Today, Mayor Jenny Durkan is releasing her 2020 Proposed Budget. In the second year of the two-year budget biennium, this budget maintains core services while at the same time increasing investments in priorities like public safety, affordable housing, homelessness, transit and transportation safety, and opportunity and jobs for Seattle’s young people. Under the Mayor’s leadership, OPCD will continue to pursue our mission to lead collaborative planning, advance equitable development, and create great places.
We are pleased to announce that the Mayor is proposing to expand support for OPCD’s Equitable Development Initiative (EDI). As you may know, EDI provides funding to community-based organizations that initiate, develop and operate programs that support racial and social justice and respond to displacement pressures. When first launched in 2016, EDI was initially funded with $16 million from proceeds of the sale of surplus City property. Beginning 2019, EDI has a dedicated ongoing funding source of $5 million annually from Short-Term Rental Tax revenues (sometimes referred to as the AirBnB tax), as well as $430,000 in federal funding.
With the successful sale of the City-owned Mercer Megablock properties in South Lake Union, Mayor Durkan is proposing to dedicate an additional $15 million to a new EDI Site Acquisition Revolving Loan program to support our community partners’ anti-displacement work. Often these community-based organizations have creative ideas on how to combat residential, commercial, and cultural displacement, but lack the funds to acquire the land they need to realize their vision. This new loan program will help fill some of that need.
We are also looking ahead to crafting Seattle’s next Comprehensive Plan, our vision for how to shape the city’s growth in housing and jobs. The Mayor is proposing an additional $650,000 for community engagement and an environmental study of our evolving growth plan, including a fresh look at how new Sound Transit system expansion will help shape the future of Seattle. The next Comprehensive Plan, mandated by the state’s Growth Management Act, will require a multi-year public process and extensive review process. We must complete the new plan in 2023.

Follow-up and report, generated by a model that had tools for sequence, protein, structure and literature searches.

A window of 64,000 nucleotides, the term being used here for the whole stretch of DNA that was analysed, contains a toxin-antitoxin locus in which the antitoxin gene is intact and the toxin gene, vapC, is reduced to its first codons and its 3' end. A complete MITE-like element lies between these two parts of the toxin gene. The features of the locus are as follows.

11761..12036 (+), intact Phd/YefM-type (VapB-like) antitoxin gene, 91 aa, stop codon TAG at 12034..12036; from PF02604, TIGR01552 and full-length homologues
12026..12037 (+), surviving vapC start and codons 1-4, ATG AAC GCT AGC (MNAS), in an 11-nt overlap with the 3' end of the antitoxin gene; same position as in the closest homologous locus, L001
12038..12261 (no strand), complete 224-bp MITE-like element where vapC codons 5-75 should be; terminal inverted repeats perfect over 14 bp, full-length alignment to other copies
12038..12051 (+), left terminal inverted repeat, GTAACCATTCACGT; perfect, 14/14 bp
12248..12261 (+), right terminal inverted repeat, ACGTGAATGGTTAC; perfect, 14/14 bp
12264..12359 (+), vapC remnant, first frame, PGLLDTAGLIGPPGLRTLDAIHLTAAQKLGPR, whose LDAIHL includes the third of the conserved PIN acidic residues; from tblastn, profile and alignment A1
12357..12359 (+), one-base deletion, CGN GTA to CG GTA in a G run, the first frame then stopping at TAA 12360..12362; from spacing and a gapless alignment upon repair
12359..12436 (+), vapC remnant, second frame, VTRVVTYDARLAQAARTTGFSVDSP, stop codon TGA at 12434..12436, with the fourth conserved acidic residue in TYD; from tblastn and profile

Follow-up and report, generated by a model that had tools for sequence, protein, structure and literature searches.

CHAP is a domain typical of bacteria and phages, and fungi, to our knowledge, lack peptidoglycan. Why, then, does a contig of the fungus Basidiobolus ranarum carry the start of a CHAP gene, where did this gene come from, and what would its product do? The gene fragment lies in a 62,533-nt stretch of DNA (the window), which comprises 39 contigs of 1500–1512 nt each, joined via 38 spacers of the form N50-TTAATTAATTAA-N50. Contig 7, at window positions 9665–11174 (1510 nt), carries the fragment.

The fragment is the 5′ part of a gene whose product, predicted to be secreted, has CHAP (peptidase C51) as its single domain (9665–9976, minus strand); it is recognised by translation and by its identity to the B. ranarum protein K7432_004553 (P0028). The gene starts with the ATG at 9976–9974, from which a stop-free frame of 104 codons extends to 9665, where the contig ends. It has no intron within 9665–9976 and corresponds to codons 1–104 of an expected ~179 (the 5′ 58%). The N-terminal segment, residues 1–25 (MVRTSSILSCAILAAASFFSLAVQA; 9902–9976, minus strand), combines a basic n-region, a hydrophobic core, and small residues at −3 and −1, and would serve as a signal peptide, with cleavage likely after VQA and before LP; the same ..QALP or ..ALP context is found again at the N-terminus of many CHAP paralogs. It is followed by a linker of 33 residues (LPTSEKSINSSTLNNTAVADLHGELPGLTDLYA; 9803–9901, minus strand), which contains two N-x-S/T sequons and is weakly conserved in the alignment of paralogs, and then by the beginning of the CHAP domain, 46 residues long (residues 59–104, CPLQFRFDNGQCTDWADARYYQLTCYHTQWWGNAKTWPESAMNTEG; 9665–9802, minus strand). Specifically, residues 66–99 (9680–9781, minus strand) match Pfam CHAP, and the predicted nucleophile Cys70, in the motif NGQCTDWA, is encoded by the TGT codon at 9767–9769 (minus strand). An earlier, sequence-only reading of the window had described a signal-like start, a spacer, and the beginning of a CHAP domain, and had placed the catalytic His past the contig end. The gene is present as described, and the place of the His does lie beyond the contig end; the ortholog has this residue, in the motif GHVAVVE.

Finally, OPCD’s station-area planning efforts around the new Sound Transit light rail stations —one of the largest public works projects in Seattle’s history— will begin to move forward in earnest. The Mayor’s budget proposes additional resources to launch extensive community engagement and planning that will extend to neighborhoods across the city. This transformative work will be a collaboration between the City and residents who live and work near future light rail stations. Consistent with the City’s commitment to racial equity and social justice, there will be a focused effort to partner with communities of color and other underserved populations to ensure that the project and related efforts and investments help to create a more equitable city for all. Working together, we can develop a vision to meet our climate goals, create vibrant transit-oriented communities, and provide more housing choices close to light rail.
More information about details in the full budget can be found at www.seattle.gov/budget, and you can also direct any questions to firstname.lastname@example.org.
Over the next two months, the City Council will review the Mayor’s the proposed budget. Final adoption of the budget is expected on Monday, Nov. 25.
Sam Assefa, Director